The Supreme Court has highlighted a number of factors to consider when determining if a particular classification warrants heightened scrutiny. (48) One factor to consider is the immutability of the classification. (49) Another factor is the ability of the group to protect itself through the political process. (50) Federal courts are also more likely to grant protected class status when the class has been the subject of discrimination throughout history. (51) State courts, including Massachusetts courts, consider the same or similar factors when making protected class determinations under state constitutional law. (52)
The Supreme Court has declined to apply protected class status to classifications based on age, wealth, sexual orientation, and mental retardation. (53) In addition, lower federal courts have rejected numerous other arguments for protected class status. (54) Massachusetts courts have exhibited similar hesitancy towards extending protected class status under the Massachusetts Constitution. (55)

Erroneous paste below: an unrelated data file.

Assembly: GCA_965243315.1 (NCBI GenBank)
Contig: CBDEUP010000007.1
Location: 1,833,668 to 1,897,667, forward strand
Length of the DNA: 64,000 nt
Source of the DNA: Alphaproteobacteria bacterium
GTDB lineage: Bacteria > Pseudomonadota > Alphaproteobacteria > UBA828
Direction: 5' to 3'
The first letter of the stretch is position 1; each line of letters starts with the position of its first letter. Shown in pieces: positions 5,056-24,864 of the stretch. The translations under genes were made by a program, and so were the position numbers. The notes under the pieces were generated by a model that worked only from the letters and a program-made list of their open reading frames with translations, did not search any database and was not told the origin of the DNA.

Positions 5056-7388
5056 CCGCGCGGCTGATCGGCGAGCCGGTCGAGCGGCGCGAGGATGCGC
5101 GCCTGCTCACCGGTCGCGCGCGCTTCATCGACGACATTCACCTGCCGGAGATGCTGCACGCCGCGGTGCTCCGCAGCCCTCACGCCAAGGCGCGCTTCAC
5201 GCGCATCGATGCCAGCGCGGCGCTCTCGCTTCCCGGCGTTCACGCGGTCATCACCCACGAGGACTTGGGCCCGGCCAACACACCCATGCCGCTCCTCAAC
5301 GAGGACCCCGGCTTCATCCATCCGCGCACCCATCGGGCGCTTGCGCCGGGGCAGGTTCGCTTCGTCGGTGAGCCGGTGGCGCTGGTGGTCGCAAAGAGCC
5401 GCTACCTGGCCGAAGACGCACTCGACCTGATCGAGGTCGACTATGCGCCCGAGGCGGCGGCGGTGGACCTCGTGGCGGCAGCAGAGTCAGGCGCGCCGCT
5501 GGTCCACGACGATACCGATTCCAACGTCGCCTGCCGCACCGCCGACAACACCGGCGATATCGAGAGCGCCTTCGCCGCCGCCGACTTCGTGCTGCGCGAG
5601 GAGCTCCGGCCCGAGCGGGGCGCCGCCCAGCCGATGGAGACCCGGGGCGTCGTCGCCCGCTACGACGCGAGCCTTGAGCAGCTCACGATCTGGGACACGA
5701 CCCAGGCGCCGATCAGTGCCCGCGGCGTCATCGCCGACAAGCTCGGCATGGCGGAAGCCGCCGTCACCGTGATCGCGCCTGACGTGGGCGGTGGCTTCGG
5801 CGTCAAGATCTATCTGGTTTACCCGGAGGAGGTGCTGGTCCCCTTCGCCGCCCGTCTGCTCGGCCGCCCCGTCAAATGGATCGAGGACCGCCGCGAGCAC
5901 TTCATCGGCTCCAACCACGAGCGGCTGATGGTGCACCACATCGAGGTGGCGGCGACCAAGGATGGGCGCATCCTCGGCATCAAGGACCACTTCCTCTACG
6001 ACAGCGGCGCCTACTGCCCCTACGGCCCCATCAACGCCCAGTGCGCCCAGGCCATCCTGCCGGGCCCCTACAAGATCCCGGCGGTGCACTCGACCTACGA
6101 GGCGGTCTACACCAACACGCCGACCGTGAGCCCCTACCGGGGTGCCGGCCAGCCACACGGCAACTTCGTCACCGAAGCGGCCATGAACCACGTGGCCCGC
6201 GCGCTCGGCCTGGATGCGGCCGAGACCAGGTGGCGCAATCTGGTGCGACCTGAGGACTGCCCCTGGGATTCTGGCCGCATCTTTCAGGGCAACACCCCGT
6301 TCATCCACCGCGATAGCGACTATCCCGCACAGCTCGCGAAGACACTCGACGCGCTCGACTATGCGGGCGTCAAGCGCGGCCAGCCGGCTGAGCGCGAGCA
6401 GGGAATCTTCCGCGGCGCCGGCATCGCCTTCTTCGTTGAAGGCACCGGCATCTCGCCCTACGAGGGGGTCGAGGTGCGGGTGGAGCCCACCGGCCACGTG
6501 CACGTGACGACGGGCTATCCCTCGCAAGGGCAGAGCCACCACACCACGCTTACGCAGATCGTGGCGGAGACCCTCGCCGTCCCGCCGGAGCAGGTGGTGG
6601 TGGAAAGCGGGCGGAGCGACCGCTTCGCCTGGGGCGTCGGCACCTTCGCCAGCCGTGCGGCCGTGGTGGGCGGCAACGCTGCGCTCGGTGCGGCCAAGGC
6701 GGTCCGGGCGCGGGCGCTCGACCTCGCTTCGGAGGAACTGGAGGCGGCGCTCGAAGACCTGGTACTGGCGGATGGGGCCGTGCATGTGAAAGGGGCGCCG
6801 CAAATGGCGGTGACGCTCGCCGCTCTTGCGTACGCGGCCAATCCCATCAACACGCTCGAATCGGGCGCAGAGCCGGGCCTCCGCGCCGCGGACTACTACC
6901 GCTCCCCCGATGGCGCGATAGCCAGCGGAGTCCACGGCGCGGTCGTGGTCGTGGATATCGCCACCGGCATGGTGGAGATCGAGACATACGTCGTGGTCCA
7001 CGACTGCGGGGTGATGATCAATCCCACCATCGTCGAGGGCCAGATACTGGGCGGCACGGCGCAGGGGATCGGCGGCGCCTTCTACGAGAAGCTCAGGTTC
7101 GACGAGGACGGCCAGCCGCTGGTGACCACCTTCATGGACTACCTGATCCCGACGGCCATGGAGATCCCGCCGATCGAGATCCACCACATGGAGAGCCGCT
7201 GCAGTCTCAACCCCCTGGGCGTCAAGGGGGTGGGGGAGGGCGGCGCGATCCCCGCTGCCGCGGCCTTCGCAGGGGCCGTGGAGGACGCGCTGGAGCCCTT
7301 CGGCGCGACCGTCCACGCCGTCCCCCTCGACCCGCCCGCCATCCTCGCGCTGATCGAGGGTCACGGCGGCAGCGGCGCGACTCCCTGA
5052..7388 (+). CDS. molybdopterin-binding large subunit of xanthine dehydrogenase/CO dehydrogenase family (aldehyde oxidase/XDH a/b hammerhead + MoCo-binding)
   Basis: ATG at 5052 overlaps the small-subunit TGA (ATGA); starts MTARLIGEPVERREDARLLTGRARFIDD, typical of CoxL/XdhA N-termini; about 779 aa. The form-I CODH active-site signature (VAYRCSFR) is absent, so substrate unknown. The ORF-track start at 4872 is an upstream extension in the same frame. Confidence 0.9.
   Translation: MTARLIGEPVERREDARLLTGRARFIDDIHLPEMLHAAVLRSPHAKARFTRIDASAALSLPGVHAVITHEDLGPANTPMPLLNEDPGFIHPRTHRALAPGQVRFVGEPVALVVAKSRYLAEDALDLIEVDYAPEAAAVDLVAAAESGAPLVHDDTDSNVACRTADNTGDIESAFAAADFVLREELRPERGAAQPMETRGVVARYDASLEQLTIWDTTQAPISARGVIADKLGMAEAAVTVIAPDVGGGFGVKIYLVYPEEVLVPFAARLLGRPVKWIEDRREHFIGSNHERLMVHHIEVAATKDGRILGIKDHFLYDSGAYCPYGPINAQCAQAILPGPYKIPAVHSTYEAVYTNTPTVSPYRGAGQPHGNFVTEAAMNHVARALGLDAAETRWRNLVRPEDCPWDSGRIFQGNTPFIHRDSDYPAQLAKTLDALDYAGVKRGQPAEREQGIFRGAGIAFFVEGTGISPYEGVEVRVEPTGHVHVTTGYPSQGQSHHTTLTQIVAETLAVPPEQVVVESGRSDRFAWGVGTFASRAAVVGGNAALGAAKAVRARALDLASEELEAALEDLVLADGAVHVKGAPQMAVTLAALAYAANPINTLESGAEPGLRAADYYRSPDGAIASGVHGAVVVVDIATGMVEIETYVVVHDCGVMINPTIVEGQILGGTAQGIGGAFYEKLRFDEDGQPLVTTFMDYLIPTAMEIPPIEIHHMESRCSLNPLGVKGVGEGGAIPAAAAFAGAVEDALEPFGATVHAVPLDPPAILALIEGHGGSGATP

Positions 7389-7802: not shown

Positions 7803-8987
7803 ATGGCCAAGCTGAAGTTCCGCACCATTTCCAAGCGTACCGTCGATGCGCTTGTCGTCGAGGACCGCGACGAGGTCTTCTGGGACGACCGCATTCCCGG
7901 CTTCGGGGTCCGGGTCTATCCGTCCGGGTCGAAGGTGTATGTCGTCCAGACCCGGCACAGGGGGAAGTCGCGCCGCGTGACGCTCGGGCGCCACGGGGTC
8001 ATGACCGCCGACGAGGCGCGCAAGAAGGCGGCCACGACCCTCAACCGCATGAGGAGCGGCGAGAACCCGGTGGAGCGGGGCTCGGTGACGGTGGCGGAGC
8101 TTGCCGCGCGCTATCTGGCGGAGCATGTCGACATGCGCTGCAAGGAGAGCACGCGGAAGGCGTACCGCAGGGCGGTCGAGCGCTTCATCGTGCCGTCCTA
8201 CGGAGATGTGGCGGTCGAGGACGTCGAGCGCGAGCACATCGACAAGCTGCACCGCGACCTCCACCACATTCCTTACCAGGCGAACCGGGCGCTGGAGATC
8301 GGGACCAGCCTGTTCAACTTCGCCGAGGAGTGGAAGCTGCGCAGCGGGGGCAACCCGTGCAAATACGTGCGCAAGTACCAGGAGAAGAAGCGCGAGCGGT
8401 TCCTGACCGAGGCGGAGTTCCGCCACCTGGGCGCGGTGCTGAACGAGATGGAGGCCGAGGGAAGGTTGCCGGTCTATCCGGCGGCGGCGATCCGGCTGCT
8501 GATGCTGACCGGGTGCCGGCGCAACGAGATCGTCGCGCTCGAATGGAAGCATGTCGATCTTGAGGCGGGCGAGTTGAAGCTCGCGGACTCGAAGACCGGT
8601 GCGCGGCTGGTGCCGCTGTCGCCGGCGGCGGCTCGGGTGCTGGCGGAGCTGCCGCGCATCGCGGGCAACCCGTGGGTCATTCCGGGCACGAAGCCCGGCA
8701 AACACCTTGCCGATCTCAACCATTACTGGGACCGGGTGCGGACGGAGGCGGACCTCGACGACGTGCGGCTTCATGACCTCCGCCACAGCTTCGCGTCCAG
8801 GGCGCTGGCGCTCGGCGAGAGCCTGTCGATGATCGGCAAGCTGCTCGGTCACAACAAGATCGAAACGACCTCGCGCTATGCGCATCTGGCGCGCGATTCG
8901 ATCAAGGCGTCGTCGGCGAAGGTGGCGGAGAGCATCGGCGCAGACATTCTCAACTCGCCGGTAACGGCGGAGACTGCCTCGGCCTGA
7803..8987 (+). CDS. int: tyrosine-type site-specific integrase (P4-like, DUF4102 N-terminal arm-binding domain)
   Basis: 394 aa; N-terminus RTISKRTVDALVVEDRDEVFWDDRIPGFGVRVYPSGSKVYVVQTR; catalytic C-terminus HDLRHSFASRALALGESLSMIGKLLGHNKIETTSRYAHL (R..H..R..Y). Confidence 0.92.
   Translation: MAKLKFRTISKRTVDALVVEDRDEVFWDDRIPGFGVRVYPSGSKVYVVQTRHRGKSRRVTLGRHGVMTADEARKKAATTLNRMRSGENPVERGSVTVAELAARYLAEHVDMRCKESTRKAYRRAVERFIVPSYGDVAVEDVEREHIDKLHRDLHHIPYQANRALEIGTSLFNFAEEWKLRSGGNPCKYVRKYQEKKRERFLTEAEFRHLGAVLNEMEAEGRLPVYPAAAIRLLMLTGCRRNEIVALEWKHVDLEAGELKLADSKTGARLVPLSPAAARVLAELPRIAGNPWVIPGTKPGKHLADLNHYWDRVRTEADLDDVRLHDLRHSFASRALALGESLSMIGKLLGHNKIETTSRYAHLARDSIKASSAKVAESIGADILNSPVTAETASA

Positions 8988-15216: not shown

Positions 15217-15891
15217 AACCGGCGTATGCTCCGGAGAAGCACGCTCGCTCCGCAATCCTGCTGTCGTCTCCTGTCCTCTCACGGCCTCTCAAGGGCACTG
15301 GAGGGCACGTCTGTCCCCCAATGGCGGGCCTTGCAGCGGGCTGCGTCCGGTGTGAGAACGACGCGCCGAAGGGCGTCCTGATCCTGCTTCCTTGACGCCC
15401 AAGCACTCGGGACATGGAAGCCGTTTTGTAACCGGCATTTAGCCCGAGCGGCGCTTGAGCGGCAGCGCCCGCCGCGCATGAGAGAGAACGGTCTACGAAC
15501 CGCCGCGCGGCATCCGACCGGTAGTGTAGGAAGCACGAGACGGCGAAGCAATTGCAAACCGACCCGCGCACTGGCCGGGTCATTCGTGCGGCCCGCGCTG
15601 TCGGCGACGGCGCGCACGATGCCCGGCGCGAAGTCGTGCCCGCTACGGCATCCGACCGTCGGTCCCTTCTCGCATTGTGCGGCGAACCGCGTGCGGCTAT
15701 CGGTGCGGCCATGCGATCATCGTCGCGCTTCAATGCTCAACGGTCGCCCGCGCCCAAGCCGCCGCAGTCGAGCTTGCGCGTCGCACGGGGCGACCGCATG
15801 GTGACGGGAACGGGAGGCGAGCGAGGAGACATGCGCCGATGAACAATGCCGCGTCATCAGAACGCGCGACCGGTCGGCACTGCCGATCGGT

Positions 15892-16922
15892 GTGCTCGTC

b. Students as a Protected Class
Federal and state courts have rejected arguments that college students warrant protected class status. (56) In Smith v. Lower Merion Township, (57) the United States District Court for the Eastern District of Pennsylvania considered whether an ordinance prohibiting property rental to three or more students violated the Equal Protection Clause. (58) Smith, a landowner who rented primarily to college students, argued that student classifications deserve a heightened standard of scrutiny. (59) The court rejected Smith's argument, noting that society has not been historically prejudiced against students. (60) The United States District Court for the Middle District of Pennsylvania, facing a slightly different type of ordinance, came to the same conclusion in Bloomsburg Landlords Association v. Bloomsburg. (61) The ordinance in question imposed additional legal duties on landowners who rented to three or more unrelated persons. (62) A landowner challenged the ordinance as disguised discrimination against college students and argued for a heightened standard of scrutiny. (63) The court declined to apply a heightened standard of scrutiny, noting the lack of societal prejudice towards college students and citing recent judicial decisions upholding municipal restrictions on young adults' behavior. (64)